Rough cut or nipped ceramic tiles will almost always have sharp edges to deal. In particular, nipped edges will not only be sharp but serrated as well and, for any practical purpose, they need to be smoothed over--if not for safety's sake then for the aesthetic appearance. Whenever you are sanding or nipping ceramic tile, it is important to take precautions to protect your eyes.
The rougher the edge on the ceramic tile, the lower the grit of sandpaper needed to smooth it out. Use 60 or 80 grit for starters, just to dull the edge or flatten the serrations if the tile has been nipped. Once the edge has been dulled, work your way up to 200-grit sandpaper and then 400-grit sandpaper to polish the edge for maximum smoothness.
You can also get good results with a rotary sander for curves and a belt sander for flat edges. Power sanding also begins with a lower-grit sandpaper, but you must use caution since using power will sand off much more tile faster than doing it by hand. Apply gentle pressure when using power, checking the edge after each pass. When the sharpened edge has been removed, begin to polish it with 200-grit and then 400-grit paper, either using power or manually polishing it with your hands.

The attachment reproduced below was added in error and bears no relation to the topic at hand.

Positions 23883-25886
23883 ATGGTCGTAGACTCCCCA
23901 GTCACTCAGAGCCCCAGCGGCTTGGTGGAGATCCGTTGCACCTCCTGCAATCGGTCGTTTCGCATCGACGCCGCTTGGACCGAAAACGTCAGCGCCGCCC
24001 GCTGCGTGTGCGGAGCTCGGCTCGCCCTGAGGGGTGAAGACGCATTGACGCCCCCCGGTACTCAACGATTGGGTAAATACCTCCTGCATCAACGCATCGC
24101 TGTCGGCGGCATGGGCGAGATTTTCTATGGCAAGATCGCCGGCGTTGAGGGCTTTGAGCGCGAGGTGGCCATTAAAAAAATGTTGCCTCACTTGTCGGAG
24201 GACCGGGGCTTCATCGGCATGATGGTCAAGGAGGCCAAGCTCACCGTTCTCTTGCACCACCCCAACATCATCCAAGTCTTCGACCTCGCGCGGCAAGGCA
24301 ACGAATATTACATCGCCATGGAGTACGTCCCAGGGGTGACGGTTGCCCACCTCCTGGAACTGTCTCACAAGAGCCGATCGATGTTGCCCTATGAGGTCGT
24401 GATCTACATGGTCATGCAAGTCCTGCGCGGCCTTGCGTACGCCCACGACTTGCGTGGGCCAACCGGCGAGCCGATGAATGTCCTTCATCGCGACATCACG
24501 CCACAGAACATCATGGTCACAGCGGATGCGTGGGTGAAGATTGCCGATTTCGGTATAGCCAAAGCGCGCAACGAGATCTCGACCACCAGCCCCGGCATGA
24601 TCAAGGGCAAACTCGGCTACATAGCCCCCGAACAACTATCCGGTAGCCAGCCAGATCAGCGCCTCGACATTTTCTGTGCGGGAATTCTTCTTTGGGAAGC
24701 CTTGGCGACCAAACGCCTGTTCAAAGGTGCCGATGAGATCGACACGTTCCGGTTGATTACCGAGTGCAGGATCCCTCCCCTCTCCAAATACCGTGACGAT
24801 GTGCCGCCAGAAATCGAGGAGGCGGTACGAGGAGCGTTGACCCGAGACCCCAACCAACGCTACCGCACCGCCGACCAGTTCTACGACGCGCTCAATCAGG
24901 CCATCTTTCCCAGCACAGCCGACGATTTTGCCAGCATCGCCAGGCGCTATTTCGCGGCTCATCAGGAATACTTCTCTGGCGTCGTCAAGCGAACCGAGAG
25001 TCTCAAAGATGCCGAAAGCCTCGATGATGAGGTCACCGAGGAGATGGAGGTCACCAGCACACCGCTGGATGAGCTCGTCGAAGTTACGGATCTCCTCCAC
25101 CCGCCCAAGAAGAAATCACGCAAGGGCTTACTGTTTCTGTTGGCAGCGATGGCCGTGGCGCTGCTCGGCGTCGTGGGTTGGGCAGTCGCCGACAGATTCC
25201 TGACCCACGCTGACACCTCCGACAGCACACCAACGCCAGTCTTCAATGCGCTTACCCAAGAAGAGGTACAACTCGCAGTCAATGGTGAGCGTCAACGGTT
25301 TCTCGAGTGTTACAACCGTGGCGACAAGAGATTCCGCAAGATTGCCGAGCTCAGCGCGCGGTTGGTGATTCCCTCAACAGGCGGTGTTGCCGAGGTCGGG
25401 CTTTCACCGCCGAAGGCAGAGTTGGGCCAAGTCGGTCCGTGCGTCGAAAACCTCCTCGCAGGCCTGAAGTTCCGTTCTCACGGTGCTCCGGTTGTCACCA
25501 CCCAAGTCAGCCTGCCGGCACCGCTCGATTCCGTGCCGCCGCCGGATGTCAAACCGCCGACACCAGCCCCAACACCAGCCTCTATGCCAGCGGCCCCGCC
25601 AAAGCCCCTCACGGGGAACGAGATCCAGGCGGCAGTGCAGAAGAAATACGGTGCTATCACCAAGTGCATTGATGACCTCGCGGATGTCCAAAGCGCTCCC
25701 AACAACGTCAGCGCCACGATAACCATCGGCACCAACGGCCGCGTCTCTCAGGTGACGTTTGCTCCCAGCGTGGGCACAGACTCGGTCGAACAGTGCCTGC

Filing Down the Edge
Many types of files are made to sand down ceramic tile edges. Because they are already mounted on a handle, they give much better control than using a power sander. Files are perfect for sanding curved edges and can be found in a variety of grits or coarseness.
In a pinch, any concrete slab or cement block can be used to sand down the rough edge of a ceramic tile. You will need to hold the tile itself and slide it back and forth across the slab or block. This will only work for straight edges. However, it is an effective way to remove the sharp and potentially dangerous edge from any ceramic tile.
Dale Yalanovsky has been writing professionally since 1978. He has been published in "Woman's Day," "New Home Journal" and on many do-it-yourself websites. He specializes in do-it-yourself projects, household and auto maintenance and property management. Yalanovsky also writes a bimonthly column that provides home improvement advice.